What you suggested with using APs as APs is actually what I was doing before I found a working PCI card. I had a second NIC installed, a hub and two wireless APs (a cheap encore one and an apple airport express)

    This did indeed work but I found that it was a bit slower than using a PCI card in AP mode. Also they’re bulkier items and need their own power sources. That’s why the USB adapters would be so great. They’re cheap, easily expendable (up to 5m without a powered extension cable), you can purchase them with standard antenna connectors and they’re so small.

    Also PCI (and perhaps USB) wifi should allow us to play with the transmit power which you can’t do on cheap APs unless you flash the firmware with something like dd-wrt.

    With regards to squid. I already installed it as a transparent proxy so no clients need to be configured. I just didn’t have time to write about the setup in the post yet :)

    Comment by admin — 30th May, 2009 #

  3. This is nice, but wouldn’t it be easier to use IPCOP? I have been using it for years for both wireless and lan.

    Comment by rick — 1st June, 2009 #

  4. Really useful post!
    I could have connected to the acces point, but the internet just seemed to be not working through it. I have an laptop with integrated wifi card. Pinging the server address was OK. What could the problem be?
    Another question is how to make authentication (wep, wpa, wpa2)?
    Thanks in advance!

    Comment by lyon' — 10th January, 2010 #

  5. have you found a usb adapter which can work in master mode?
    I also try to make my box working as an ap.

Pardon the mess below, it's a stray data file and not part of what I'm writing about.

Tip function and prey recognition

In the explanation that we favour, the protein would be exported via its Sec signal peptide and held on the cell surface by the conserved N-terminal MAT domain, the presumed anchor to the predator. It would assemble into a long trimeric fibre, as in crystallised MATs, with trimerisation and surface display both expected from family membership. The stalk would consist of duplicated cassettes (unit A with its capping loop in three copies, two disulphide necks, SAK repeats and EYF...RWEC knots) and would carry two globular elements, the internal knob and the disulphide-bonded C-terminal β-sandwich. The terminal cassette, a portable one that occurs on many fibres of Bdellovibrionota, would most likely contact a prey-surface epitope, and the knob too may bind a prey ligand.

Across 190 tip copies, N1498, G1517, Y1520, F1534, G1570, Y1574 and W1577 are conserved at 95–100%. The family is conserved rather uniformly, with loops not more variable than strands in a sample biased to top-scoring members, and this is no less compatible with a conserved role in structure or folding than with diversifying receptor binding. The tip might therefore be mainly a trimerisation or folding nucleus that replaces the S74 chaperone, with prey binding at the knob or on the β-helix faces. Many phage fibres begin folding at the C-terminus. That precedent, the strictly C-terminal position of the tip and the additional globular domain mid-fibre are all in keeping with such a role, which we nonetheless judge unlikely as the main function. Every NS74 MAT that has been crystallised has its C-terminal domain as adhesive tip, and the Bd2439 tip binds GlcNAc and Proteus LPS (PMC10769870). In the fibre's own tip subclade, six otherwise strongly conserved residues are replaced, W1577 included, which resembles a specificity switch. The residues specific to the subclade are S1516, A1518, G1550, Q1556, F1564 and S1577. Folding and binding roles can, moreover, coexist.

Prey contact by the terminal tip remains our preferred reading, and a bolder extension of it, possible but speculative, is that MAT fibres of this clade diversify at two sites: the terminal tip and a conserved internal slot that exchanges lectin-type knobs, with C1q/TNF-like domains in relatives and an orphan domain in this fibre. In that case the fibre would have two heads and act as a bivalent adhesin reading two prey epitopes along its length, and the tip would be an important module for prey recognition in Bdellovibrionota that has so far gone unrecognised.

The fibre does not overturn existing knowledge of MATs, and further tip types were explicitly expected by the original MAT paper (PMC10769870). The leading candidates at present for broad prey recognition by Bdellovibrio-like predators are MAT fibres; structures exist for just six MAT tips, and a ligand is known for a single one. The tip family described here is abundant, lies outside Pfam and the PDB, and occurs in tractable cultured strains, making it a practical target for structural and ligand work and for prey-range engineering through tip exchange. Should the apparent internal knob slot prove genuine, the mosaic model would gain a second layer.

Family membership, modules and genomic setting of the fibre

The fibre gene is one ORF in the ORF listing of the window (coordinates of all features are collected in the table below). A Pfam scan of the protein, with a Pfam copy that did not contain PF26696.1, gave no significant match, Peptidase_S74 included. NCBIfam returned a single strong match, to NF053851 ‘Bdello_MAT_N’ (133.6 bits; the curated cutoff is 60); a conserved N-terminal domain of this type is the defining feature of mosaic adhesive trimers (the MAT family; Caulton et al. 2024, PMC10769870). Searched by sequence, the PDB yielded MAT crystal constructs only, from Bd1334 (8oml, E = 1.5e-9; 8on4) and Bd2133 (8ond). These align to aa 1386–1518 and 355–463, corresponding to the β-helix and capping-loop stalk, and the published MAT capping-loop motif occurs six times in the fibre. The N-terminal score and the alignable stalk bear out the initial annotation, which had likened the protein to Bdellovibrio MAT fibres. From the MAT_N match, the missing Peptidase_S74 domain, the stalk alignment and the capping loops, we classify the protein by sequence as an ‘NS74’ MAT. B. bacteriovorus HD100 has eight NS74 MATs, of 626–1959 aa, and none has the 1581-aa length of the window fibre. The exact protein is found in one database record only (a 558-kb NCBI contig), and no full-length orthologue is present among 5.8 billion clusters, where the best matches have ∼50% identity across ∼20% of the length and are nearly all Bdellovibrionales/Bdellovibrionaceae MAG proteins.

Comment by u2uonly — 24th January, 2010 #

  6. hey guys ive been trying out this guide since im new to linux (im so in love with it) and i could run my msi wireless card as an AP on Windows.. so thats pretty much the only thing i still cant get to work on my new machine with ubuntu =(

    Here’s what’s giving me trouble:

    1.- I cant install the madwifi drivers and typing sudo apt-get install madwifi-tools returns “cant find package madwifi-tools”. So i just downloaded the newest version from their site.

    2.- I cant edit the /etc/netword/ interfaces file since its read-only.

    I can connect to other wireless networks around my house so i know for sure the card is working but im not sure what driver im running.. and i read somewhere that ubuntu 10.04 came with madwifi restricted drivers pre-installed.

    Im not sure if i should uninstall my active drivers and then try installing the drivers i downloaded from madwifi’s site.. or what im doing wrong.. please any help would be appreciated!

    Comment by robert — 12th October, 2010 #

  7. Robert, in a terminal try: sudo nano /etc/network/interfaces

    Comment by admin — 12th October, 2010 #